By Dan DesRosiers
This past year, the City of Long Beach conducted a traffic study on Ximeno Ave, between Broadway and 2nd Street. The results of the study have concluded that an extraordinary volume of traffic flows down this residential street and is the root cause of many accidents and close calls at the intersection of Shaw and Ximeno. Many a resident and visitors to this area have experienced the challenges of navigating this blind intersection with the high volume of traffic, and in many cases, speeds well exceeding the posted 25 MPH speed limit, at all hours and days of the week. In addition to close calls and accidents at this intersection, many parked cars along Ximeno have also been damaged. Also, a home on the South West corner of Shaw and Ximeno has been crashed into 3 times in the last few years.
This corridor is used by many visitors to the area, as it is a desirable route to the Belmont Pier, Second Street, and other amenities in Belmont Shore and Belmont Heights. The desirability of the route will not change of course, and the City has looked at ways to mitigate the unsafe conditions for residents and visitors alike.
Two recommendations were proposed by the City of Long Beach Traffic Engineers to residents who would be most impacted by the potential noise increases in front of their homes. The recommendations and study results were shared by Carl Hickman and Elias Garcia at a community Zoom meeting hosted by 3rd District Councilwoman, Suzie Price, on Monday, November 30th.
During the meeting Mr. Hickman and Mr. Garcia reviewed the statistics from the study, indicating nearly 5,000 vehicles a day traversed Ximeno between Broadway and 2nd Street, crossing the Shaw Street intersection. The unprecedented volume was a surprise given that a residential street would typically see 1/10 or less of that traffic. Additionally, it was noted that this study was done during the Covid-19 stay safer at home orders, which one could conclude, was “lighter” than normal traffic patterns.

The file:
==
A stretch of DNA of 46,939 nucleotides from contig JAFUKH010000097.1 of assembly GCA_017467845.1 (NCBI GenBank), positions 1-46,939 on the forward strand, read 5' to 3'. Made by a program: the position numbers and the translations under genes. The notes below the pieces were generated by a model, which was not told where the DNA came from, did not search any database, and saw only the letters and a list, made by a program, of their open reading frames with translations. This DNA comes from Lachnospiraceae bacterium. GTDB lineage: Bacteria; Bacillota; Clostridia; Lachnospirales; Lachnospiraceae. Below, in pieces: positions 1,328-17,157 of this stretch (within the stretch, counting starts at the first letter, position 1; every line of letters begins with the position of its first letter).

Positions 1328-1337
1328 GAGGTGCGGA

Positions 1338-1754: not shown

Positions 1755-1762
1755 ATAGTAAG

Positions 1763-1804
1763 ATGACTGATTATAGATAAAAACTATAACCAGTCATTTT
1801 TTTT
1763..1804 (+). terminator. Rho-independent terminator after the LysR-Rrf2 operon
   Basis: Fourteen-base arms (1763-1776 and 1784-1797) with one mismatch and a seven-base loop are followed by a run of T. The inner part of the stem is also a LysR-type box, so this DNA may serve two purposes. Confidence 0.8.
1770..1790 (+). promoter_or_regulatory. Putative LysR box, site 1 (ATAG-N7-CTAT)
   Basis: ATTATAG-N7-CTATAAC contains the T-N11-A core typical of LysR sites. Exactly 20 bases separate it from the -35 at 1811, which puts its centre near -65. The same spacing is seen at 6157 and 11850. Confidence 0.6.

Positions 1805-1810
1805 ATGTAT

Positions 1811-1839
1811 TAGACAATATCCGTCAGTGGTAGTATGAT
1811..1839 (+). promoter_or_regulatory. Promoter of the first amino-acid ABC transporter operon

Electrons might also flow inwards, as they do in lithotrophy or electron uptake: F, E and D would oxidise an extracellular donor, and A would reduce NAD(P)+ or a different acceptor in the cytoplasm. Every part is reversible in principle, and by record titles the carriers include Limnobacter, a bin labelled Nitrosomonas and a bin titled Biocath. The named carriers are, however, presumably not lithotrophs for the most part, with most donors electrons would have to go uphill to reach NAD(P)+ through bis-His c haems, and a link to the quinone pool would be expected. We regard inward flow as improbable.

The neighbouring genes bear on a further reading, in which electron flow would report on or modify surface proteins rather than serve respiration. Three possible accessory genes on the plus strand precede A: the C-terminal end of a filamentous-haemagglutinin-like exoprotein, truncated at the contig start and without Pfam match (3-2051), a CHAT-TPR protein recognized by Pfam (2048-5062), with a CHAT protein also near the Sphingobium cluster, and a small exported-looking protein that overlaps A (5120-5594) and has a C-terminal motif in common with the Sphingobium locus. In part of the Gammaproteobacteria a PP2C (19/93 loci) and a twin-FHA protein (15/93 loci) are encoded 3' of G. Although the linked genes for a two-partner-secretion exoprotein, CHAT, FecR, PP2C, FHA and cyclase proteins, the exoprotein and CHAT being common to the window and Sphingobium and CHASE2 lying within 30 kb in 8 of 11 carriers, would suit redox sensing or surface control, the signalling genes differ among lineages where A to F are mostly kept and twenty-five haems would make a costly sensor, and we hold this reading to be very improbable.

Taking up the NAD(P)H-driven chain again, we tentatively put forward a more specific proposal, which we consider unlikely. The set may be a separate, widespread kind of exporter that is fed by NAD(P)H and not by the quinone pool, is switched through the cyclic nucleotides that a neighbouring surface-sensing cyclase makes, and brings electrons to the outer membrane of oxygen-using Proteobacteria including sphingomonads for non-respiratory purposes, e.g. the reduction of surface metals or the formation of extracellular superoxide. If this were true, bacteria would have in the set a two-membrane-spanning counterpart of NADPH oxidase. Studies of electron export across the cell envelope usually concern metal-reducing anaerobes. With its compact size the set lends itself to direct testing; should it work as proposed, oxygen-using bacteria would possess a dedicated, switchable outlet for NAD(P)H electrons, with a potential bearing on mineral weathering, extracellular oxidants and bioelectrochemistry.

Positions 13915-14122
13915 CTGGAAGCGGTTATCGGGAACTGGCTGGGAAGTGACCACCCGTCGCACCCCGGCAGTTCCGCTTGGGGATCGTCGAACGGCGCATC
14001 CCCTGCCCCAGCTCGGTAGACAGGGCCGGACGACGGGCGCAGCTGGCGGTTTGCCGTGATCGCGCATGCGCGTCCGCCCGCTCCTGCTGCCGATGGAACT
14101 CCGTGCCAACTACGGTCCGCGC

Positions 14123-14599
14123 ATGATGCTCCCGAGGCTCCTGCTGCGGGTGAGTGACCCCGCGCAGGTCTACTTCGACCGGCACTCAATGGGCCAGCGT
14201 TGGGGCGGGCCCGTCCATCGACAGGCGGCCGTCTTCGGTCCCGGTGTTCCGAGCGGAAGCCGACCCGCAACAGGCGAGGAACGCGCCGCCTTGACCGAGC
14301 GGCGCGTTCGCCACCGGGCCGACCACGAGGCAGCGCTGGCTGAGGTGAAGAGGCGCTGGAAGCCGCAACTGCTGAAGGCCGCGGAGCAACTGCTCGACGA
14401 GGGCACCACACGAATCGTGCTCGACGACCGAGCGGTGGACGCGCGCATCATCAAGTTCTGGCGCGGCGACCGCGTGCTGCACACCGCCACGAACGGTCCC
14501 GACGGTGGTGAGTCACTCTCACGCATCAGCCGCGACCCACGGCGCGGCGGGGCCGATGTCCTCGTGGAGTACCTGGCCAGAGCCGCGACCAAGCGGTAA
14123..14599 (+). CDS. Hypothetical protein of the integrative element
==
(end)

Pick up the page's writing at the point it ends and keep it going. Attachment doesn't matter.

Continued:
To address these unsafe conditions, the City recommended two options: 1) Traffic cushions, and/or 2) A traffic circle at Shaw and Ximeno. Both options have their pros and cons, not the least of which is cost. The traffic circles can cost $150,000 to $200,000 or more to construct, plus maintenance. Two traffic cushions would cost around $5000 and could be funded by Councilwoman Price’s discretionary budget.
Traffic cushions should not be confused with speed bumps, which are smaller in size and will force a car to slow down to about 5 miles per hour. A traffic cushion produces a wider, more modified hump to gently slow a car down to about 15 miles per hour.
After an informative and lively discussion, it was agreed that a 6-month pilot of 2 traffic cushions would make the most sense and would be something that could be done quickly and cause minimal disruptions while being installed. After the 6-month period, the City will compare the amount of close calls and accidents as well as traffic flow to determine if we have improved the safety of this corridor. The City would also consider constructing a traffic circle and start the process for planning and budgeting such an expense. The construction of a traffic circle would also be preceded by a pilot period, where temporary barriers are installed to simulate a traffic circle.
Here’s hoping that the traffic cushions have the desired effect of improving the safety of this popular corridor in Belmont Heights in 2021!